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A Potato a Day Keeps Diarrhea Away

13 June 2001 7:00 pm
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Booster shot. Genetically engineered potatoes protect mice against toxic bugs.

Forget about painful shots or bitter pills--if vaccine-makers' plans come to fruition, people will eat vaccines in vegetables. A new report in the June issue of Nature Medicine suggests that plant geneticists have gone a long way toward that goal, at least for mice. A weekly meal of genetically engineered potatoes protects the rodents against three deadly stomach bugs at once.

The idea of making edible vaccines has been around since the mid-80s, when tools for genetically modifying plants emerged. But making crops produce proteins that elicit an immune response is easier dreamed of than done: Ingested proteins usually disintegrate in the stomach before they reach the intestine's immune system.

A clever solution is to hurry the vaccine toward its target with the help of the toxin that causes cholera. This new strategy was tried by plant molecular biologist William Langridge of Loma Linda University in California and his team. The researchers stitched genes together from three stomach bugs: rotavirus, toxic Escherichia coli, and Vibrio cholerae, which causes cholera.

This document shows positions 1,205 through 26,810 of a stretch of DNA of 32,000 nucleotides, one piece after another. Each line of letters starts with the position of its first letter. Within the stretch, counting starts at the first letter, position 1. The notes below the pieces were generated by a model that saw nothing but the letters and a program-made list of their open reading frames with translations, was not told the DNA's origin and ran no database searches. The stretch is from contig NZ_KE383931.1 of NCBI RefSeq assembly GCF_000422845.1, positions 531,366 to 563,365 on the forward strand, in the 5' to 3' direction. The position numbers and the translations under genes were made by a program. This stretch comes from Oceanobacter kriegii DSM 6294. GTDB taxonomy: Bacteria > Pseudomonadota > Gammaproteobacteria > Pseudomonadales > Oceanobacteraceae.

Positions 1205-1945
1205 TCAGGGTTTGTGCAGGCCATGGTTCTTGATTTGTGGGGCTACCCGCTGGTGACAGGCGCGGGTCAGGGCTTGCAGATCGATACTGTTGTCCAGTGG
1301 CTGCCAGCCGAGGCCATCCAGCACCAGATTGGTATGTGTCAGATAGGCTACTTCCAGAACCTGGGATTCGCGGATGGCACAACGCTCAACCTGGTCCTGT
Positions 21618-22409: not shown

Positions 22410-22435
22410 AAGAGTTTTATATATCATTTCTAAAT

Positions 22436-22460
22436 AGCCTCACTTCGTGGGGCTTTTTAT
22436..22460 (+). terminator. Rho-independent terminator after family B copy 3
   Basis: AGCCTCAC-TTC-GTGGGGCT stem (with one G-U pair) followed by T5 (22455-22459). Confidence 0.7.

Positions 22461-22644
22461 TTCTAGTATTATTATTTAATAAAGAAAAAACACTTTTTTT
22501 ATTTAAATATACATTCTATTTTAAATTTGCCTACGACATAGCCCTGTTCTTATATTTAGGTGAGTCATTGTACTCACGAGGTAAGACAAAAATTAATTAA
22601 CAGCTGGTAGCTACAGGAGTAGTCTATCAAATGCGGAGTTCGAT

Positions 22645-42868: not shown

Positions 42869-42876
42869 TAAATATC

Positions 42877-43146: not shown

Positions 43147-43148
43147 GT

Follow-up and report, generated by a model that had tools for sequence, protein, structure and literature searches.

When the researchers served the transgenic potatoes to mice, the animals produced antibodies against all three bacterial and viral proteins. So far so good--but, as Langridge points out, "you can make antibodies against all sorts of antigens, but those antibodies don't necessarily protect the animals" from infections, as has been the case in previous studies with transgenic plant vaccines. But when the researchers injected the mice with cholera toxin or infected them with rotavirus, about 50% of the animals remained healthy. And in those that did get sick, the diarrhea was about half as severe and lasted about half as long as in nonimmunized mice.

"This is really great stuff. It's another important step forward in the development of plant-based vaccines," says plant biologist Charles Arntzen of Arizona State University in Tempe, who, in 1992, pioneered the production of viral proteins in plants for vaccine purposes. The new study, Arntzen adds, is the most recent in a series of papers that show that plant-based vaccines are "a viable strategy."

Related sites

Langridge's home page
Arntzen's home page

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